How Web Archives are, are not, could be, and should be Archives

Emily Maemura



Web archiving, understood as the capture of websites or web data at a point in time, has tended to fall outside the purview of archival practice and theory. Web archives are often subject­based collections of websites, and not aggregations of records that result from business activities. In spite of the seeming incongruities, I argue that web archiving can benefit from aligning with archival theory, and can also contribute to a more expansive view of archival theory.

First, I compare web archives to Yeo’s definition of records, “as persistent representations of activities or other occurrents, created by participants or observers of those occurrents or by their proxies; or sets of such representations representing particular occurrents” (Yeo, 2008, p. 136). In particular, this approach requires more closely studying the relationship of web data communicated through HTTP transactions, and understanding its interpretation as a form of ‘elementary record.’

Second, I take up the work of post­modernist archival scholars who call for greater reflexivity in archiving practice, and advocate for the recognition of archivists as actors who shape the identity of records (Bastian, 2006; Meehan, 2009; Millar, 2002). I consider how this can apply to web archiving, and which other actors impact what is recorded in web archives. In the context of web archiving, I expand this to include the technical systems for web archiving (and their designers), and the influence of different organizations involved in web archiving, each with varying interests and mandates.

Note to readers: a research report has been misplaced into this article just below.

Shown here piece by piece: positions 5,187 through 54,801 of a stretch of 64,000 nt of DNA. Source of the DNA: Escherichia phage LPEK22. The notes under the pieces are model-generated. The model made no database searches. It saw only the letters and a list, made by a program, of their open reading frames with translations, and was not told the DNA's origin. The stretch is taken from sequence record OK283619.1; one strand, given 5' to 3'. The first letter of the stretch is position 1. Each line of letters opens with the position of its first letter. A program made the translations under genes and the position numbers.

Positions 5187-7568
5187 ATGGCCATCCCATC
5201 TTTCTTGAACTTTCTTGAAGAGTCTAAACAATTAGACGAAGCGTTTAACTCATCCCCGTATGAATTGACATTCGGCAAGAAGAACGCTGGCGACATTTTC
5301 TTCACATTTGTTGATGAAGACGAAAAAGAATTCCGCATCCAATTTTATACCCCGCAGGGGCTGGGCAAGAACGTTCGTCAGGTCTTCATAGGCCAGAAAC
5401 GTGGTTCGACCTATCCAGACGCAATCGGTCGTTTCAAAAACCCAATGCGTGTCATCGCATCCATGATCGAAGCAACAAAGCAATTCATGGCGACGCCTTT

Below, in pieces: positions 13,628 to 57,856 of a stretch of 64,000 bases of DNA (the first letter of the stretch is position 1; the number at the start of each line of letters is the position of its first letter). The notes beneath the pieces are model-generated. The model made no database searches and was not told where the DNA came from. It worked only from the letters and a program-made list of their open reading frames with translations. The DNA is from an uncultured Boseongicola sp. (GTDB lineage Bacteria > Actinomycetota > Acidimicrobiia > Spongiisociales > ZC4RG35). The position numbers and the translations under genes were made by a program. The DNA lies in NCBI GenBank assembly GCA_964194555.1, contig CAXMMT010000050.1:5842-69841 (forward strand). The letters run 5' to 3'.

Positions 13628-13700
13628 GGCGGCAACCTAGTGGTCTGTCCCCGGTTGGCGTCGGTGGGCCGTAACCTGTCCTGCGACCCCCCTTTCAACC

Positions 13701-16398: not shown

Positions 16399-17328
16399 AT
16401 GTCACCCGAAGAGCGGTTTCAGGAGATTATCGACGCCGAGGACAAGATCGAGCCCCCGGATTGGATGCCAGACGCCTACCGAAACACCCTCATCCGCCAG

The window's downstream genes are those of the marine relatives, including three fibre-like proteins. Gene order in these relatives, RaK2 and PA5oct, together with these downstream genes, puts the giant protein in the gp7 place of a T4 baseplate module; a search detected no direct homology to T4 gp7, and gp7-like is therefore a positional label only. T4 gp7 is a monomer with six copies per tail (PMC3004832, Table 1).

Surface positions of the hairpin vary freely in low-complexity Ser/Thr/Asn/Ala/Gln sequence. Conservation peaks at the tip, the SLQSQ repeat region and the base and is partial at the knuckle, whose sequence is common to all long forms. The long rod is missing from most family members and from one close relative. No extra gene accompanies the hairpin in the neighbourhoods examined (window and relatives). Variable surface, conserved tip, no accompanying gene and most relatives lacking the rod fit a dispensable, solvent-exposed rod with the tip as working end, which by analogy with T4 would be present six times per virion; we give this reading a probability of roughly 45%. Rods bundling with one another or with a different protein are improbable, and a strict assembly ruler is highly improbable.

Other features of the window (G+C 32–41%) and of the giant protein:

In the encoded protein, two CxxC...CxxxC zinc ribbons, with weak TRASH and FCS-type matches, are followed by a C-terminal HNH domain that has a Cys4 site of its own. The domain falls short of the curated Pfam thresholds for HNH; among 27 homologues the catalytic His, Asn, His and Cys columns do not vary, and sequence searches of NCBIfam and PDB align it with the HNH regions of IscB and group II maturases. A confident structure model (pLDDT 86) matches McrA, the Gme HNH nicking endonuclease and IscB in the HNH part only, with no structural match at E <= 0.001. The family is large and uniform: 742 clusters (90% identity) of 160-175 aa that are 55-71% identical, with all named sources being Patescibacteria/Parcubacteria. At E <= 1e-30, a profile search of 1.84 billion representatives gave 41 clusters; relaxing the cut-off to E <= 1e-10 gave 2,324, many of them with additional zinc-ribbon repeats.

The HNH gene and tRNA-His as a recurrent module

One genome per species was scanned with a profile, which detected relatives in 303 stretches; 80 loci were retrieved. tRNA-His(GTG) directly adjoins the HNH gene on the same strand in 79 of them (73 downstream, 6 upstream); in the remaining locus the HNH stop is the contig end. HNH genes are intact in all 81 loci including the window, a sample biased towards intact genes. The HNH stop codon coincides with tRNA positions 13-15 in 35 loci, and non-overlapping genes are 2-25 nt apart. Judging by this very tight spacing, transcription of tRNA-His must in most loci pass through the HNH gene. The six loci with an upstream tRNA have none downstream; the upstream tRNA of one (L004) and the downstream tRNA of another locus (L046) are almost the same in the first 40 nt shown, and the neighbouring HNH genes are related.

Third, I extend post­custodial directions in archival thinking to web archiving, recognizing both the ad­hoc web collections that web researchers create themselves, and the kinds of inference and analysis performed by researchers working with existing institutional web archives collections.

Taking these three points together, I consider what a system of arrangement and description for web archives might look like, and how it does or doesn’t align with the common standards for arrangement and description.

Bastian, J. A. (2006). Reading Colonial Records Through an Archival Lens: The Provenance of Place, Space and Creation. Archival Science, 6(3­4), 267–284.­006­9019­1
Meehan, J. (2009). Making the Leap from Parts to Whole: Evidence and Inference in Archival Arrangement and Description. The American Archivist, 72(1), 72–90.
Millar, L. (2002). The Death of the Fonds and the Resurrection of Provenance: Archival Context in Space and Time. Archivaria, (53), 2–15.
Yeo, G. (2008). Concepts of Record (2): Prototypes and Boundary Objects. The American Archivist, 71(1), 118–143.



Emily Maemura is a third year doctoral student at the University of Toronto’s Faculty of Information (iSchool). Her research focus is on web archiving, studying the practices of collecting and preserving what is currently on the web for future use by researchers in the social sciences and humanities. She is interested in approaches and methods for research with web archives data and research collections, and in exploring diverse perspectives of the internet as an object and/or site of study.